‘Fabric of Unity’ weaved by non-weavers

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‘Fabric of Unity’ weaved by non-weavers

‘Fabric of Unity’ weaved by non-weavers

Incredible India is home to many talented artists who are nurturing Indian heritage and constantly striving to bring various arts to a place of honor on the world stage. On the strength of all these artists, our country is getting ready to take a huge leap on the world stage in the field of art. Artists who weave the rainbow-colored fabric of life on handlooms have dreamed of taking handloom art to the world stage to celebrate the 75th year of Indian Independence. In order to fulfill the dream of the weavers, the Maharashtra State Handloom Corporation Ltd. (MSHC) Nagpur, a Government of Maharashtra Undertaking, took the initiative to weave the Fabric of Unity for the fulfillment of the weavers’ dream.

Under this initiative, which started on April 18, 2022 (World Heritage Day), citizens made their valuable contribution to the conservation of handloom art by weaving a 98 feet long cloth on a handloom. Through these efforts, the citizens contributed to the preservation of Indian textile art, our ancient culture, and tradition. In a way, it was a promise for future endeavors of bringing the handloom art and culture to center stage of the world. The activity created a record, thus entering into the glorious pages of the India Book of Records and also the Asia Book of Records.

“We are planning to stitch jackets out of the record-setting cloth and gift it to Prime Minister Narendra Modi, Union Minister Nitin Gadkari, and many other national leaders,” said Shital Teli-Ugale, Commissioner of Textiles for Maharashtra State and Managing Director of Maha Handloom (MSHC).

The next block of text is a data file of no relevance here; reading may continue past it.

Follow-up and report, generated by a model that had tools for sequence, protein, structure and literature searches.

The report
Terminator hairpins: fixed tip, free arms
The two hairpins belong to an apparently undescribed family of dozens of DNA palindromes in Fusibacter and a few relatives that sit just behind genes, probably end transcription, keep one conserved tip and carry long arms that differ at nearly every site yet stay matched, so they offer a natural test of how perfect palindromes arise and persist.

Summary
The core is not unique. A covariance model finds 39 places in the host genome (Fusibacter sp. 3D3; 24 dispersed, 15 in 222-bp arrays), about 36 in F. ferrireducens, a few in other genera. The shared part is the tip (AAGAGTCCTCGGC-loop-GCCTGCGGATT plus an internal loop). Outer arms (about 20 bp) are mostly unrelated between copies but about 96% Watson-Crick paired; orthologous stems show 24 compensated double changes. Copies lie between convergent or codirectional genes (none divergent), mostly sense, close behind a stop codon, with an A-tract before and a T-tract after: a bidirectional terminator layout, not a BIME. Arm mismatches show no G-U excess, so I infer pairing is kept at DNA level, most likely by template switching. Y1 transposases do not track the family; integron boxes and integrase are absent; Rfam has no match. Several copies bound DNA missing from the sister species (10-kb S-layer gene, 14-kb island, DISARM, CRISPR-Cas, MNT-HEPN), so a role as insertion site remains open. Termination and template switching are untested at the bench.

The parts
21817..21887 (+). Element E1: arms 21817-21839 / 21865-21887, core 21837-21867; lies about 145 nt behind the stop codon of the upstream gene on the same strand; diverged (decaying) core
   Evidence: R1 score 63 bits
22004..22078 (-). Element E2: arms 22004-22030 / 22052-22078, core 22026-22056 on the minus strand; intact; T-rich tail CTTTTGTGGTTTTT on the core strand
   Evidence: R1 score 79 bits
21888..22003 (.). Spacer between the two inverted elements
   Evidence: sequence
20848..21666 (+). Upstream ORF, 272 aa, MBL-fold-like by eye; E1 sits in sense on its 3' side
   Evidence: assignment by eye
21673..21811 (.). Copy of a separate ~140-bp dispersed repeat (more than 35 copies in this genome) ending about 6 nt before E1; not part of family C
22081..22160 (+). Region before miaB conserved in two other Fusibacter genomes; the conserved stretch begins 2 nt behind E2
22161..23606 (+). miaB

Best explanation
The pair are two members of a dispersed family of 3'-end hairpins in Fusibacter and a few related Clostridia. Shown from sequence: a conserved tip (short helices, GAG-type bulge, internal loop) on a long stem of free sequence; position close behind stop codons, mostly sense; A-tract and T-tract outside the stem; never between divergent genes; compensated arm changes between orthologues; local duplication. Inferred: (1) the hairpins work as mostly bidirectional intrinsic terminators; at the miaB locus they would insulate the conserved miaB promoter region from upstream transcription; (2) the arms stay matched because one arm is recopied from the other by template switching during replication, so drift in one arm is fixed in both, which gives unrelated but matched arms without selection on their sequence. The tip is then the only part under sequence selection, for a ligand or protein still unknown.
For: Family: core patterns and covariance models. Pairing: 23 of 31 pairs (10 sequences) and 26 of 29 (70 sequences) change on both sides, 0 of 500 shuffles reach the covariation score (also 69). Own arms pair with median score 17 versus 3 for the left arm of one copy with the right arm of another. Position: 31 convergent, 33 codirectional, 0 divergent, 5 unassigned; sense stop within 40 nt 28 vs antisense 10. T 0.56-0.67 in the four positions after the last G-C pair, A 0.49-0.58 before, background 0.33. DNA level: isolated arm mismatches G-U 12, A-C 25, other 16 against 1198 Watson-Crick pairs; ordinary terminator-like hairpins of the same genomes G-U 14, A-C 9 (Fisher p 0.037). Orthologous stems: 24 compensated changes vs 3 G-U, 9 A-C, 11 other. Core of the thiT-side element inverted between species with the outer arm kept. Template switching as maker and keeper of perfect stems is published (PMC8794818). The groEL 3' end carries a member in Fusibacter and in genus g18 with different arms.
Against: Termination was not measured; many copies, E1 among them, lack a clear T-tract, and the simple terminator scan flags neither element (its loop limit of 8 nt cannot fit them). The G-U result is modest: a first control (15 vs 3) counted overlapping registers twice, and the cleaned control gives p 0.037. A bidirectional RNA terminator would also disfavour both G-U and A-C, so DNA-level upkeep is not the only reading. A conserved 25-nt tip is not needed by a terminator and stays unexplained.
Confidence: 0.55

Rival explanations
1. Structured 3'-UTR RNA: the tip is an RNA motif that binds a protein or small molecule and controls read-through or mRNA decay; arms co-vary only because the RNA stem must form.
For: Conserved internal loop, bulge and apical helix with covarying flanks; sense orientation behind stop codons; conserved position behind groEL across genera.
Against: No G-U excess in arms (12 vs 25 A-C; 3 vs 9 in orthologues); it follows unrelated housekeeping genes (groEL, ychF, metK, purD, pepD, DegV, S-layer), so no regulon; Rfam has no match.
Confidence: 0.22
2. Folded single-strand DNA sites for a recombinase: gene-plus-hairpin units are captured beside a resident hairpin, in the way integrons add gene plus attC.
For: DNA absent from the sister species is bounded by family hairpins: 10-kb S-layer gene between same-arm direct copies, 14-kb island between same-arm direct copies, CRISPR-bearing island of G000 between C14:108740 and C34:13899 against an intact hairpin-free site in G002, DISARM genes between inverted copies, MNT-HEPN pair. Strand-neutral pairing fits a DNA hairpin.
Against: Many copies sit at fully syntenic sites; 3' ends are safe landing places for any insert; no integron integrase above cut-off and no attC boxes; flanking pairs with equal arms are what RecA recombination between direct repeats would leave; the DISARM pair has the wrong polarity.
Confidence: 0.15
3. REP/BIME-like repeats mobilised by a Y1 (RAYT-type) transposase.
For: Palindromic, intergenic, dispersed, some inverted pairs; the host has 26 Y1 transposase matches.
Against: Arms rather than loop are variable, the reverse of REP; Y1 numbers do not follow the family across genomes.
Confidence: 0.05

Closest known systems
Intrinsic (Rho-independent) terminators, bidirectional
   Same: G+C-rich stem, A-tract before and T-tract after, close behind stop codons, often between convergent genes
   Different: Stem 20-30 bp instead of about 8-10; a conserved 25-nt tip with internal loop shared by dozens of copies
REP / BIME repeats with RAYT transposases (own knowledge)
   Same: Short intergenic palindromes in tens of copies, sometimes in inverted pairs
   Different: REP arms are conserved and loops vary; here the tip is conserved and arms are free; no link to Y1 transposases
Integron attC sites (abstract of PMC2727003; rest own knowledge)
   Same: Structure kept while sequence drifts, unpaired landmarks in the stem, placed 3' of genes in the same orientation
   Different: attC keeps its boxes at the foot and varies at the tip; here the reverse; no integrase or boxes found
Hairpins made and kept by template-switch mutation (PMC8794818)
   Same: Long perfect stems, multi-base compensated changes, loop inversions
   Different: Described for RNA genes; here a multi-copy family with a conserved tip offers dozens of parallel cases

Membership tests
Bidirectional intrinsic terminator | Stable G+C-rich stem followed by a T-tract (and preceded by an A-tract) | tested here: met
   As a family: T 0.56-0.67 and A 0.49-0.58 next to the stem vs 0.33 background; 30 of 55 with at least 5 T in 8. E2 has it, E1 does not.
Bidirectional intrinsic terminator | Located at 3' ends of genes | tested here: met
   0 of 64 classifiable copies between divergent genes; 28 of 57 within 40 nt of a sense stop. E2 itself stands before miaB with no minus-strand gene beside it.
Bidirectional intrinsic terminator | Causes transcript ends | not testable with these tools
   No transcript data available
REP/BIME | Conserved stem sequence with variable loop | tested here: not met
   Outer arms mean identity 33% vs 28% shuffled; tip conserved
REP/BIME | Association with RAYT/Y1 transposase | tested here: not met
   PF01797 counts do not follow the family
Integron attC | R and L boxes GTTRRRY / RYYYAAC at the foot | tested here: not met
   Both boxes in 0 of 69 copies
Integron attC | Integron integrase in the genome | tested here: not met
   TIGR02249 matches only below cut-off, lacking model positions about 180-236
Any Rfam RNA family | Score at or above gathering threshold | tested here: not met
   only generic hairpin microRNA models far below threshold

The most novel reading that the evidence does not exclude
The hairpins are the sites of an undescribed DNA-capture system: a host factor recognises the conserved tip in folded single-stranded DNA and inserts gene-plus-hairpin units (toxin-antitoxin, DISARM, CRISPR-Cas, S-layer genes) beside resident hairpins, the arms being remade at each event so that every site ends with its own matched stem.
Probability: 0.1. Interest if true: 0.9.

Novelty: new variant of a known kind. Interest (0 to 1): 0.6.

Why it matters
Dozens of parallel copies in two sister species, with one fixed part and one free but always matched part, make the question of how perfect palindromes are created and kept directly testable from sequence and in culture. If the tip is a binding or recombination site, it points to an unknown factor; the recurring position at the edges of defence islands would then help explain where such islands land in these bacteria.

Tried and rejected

1,426 individuals from different walks of life tried their hands on the handloom machine. They included teachers, doctors, lawyers, students, housemakers, etc. Together, they tried their hands (and legs too) on the handloom set-up. Seven colours of the rainbow were used while making the Fabric of Unity. The target was to prepare a 75 feet long cloth, but ultimately the length of the cloth reached 98 feet. The whole exercise took 107 days to complete and the desired cloth was ready 12 days ahead of the August 15 deadline. The Fabric of Unity was recognised by Dr. Manoj Tatwadi, the adjudicator from the India Book of Records, who was present on the occasion.

Manish Karandikar, who coordinated this novel project, told the India Book of Records that the Indian textile sector has a tradition of several thousand years. It is also clear from the remains found in the recent excavations that Indians knew the art of cultivating cotton and making clothes from it at least 3,500 years ago. In the Vedic period, women used to weave clothes. It was a very complicated and laborious process of weaving, spinning, and disciplined vertical arrangement of the threads and then skillfully interlacing the horizontal threads.

“The production of handmade paper, handmade cookies, handmade rakhi, etc. not only gives employment and business opportunities to rural India but also provides a solid platform for the appreciation of art, artists, and the latent qualities of human beings. It is with this vision that the Fabric of unity activity was carried out,” added Manish.